ES: As I mentioned before, the charity work we do with Mesut is incredibly rewarding for both of us. Not only is it rewarding, but I see it as one of the most important things I do. Aside from this, I’m fortunate to work with a great group of players, and as such have had lots of memories. In January 2018 we secured the biggest Premier League contract in history for Mesut and was obviously something really special and a moment to be proud of. Negotiating transfers and contracts always have their thrills – it’s hard work yet gives you this incredibly satisfying buzz. But at the same time, I still have this passion for teaching and education. As I said before, I deliver football agent seminars in London and guest-lectures globally, and the fact that people come from all over the world to see me speak is a truly irreplaceable feeling. Spreading knowledge, experience and advice is a true privilege for me. Likewise, when I see people have ordered our book from Australia, or Asia, or the US, it’s special.

JSEL: It is great to see such a rewarding return on your hard work. I must then ask, what keeps you up at night?

ES:  What keeps me up at night? My son Emre! He’s nearly two years old, and incredibly full of energy! It’s funny because in the garden I even got artificial grass and a goal, so I’m training my son! I’m trying hard to make him a left-footed player, but he still shoots with his right.

JSEL: Perhaps the next Messi? Speaking of which, how do you see the industry in the next ten years developing?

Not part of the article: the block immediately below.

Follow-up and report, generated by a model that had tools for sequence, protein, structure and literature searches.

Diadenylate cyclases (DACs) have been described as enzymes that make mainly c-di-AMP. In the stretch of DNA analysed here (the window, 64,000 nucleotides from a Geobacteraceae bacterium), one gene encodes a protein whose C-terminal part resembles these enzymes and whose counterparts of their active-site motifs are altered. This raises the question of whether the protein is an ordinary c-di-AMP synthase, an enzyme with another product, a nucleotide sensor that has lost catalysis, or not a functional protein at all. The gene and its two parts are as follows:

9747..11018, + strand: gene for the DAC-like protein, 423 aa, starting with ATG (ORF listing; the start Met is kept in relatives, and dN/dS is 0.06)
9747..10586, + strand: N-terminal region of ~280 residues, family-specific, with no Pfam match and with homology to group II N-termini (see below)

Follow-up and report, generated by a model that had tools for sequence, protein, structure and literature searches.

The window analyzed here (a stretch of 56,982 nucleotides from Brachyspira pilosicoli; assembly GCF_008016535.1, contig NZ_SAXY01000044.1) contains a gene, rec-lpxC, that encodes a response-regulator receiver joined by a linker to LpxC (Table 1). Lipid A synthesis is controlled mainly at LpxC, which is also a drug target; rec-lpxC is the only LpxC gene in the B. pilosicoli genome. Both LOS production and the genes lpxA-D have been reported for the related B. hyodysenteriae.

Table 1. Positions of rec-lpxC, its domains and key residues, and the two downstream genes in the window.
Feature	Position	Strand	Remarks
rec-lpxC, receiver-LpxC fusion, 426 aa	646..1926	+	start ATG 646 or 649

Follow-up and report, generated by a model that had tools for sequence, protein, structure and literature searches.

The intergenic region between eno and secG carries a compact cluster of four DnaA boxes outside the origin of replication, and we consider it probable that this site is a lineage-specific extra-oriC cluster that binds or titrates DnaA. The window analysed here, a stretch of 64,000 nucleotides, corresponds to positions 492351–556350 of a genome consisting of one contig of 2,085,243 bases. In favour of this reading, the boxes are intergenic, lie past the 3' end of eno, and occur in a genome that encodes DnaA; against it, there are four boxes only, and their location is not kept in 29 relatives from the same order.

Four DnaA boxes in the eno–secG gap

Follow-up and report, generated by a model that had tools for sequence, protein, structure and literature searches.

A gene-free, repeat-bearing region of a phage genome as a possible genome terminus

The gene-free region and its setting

ES: The issue with football agency lies in its registration process. The rules to become an official agent are so relaxed and the procedure is extremely simple. Of course, initially this may seem like a good thing – it means that people can be an agent tomorrow if they wanted to! However, this is the main problem. You have people that are unqualified and don’t know how the industry works suddenly being able to represent a player. A lot of the time as an agent you can be dealing with players that are in their early twenties, or even teenagers. If you have people going to these young players saying that they are capable of representing them, but in truth only became a registered agent the day before, then the problems are obvious to see. Suddenly, lots of players are poorly represented by people with no experience or who operate immorally. In very few professions is this wide-scale lack of regulation present. I’m actually part of FIFA’s football agent commission, and one of the things we’re trying to tackle is exactly this. Whether it be the re-introduction of an exam for agents, or just more rigorous rules, it’s obvious something has to be done.